• For the first time rights on digital content have been set out in legislation. The Act gives consumers a clear right to the repair or replacement of faulty digital content, such as online film and games, music downloads and e-books. The law here had been unclear and this change has brought us up to date with how digital products have evolved.
  • There are now also new, clear rules for what should happen if a service is not provided with reasonable care and skill or as agreed. For example, the business that provided the service must bring it into line with what was agreed with the customer or, if this is not practical, must give some money back.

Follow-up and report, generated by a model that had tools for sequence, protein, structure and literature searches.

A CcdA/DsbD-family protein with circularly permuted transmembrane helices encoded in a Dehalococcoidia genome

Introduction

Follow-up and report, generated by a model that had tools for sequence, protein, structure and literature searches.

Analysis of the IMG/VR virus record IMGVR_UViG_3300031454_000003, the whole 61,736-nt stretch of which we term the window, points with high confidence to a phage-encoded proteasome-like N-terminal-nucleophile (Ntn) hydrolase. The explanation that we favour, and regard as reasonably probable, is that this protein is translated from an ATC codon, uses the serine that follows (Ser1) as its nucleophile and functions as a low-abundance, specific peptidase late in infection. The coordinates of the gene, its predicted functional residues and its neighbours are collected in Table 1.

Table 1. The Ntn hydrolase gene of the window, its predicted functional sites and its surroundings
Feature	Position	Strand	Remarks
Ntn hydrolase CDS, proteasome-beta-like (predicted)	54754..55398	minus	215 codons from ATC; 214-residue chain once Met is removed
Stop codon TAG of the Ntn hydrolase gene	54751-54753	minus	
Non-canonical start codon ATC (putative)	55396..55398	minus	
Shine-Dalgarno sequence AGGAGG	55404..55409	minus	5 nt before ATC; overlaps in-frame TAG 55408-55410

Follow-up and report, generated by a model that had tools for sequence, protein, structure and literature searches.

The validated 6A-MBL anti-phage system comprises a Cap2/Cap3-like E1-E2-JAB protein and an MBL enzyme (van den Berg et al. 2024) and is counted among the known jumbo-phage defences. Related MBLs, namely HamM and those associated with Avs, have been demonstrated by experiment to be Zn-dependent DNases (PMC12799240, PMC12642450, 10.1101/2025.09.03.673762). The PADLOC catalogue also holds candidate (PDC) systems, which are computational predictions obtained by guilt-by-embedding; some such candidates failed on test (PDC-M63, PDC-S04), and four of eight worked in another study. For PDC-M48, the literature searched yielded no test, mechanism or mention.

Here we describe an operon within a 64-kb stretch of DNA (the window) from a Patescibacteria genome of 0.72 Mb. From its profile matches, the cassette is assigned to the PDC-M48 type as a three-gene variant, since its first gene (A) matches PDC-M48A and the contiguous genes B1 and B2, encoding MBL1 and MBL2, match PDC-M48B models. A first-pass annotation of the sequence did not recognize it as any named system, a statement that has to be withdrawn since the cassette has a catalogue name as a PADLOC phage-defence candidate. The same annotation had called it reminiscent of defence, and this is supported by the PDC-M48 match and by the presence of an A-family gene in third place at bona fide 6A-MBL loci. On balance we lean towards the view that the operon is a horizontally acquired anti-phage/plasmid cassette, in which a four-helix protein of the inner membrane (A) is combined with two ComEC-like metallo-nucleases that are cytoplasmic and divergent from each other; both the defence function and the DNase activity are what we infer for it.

The Consumer Rights Act 2015 stands alongside Regulations to create a greatly simplified body of consumer law. Taken together, they set out the basic rules which govern how consumers buy and businesses sell to them in the UK.

So what are my rights?

Well there are slight variations depending on how you purchased the goods.

So say we’ve bought something in a shop –

The Consumer Rights Act 2015 says goods must be as described, fit for purpose and of satisfactory quality.

During the expected lifespan of your product you’re entitled to the following:


Up to 30 days – if your goods are faulty you can get a refund


Up to 6 months – if it can’t be repaired or replaced then you’re entitled to a refund in most cases.


Up to 6 years – if the goods do not last a reasonable length of time you may be entitled to some money back.


You DON’T have a legal right to a refund or replacement just because you change your mind. BUT… please ask a store about their returns policy as they may be able to help in-store.

What about goods ordered at home –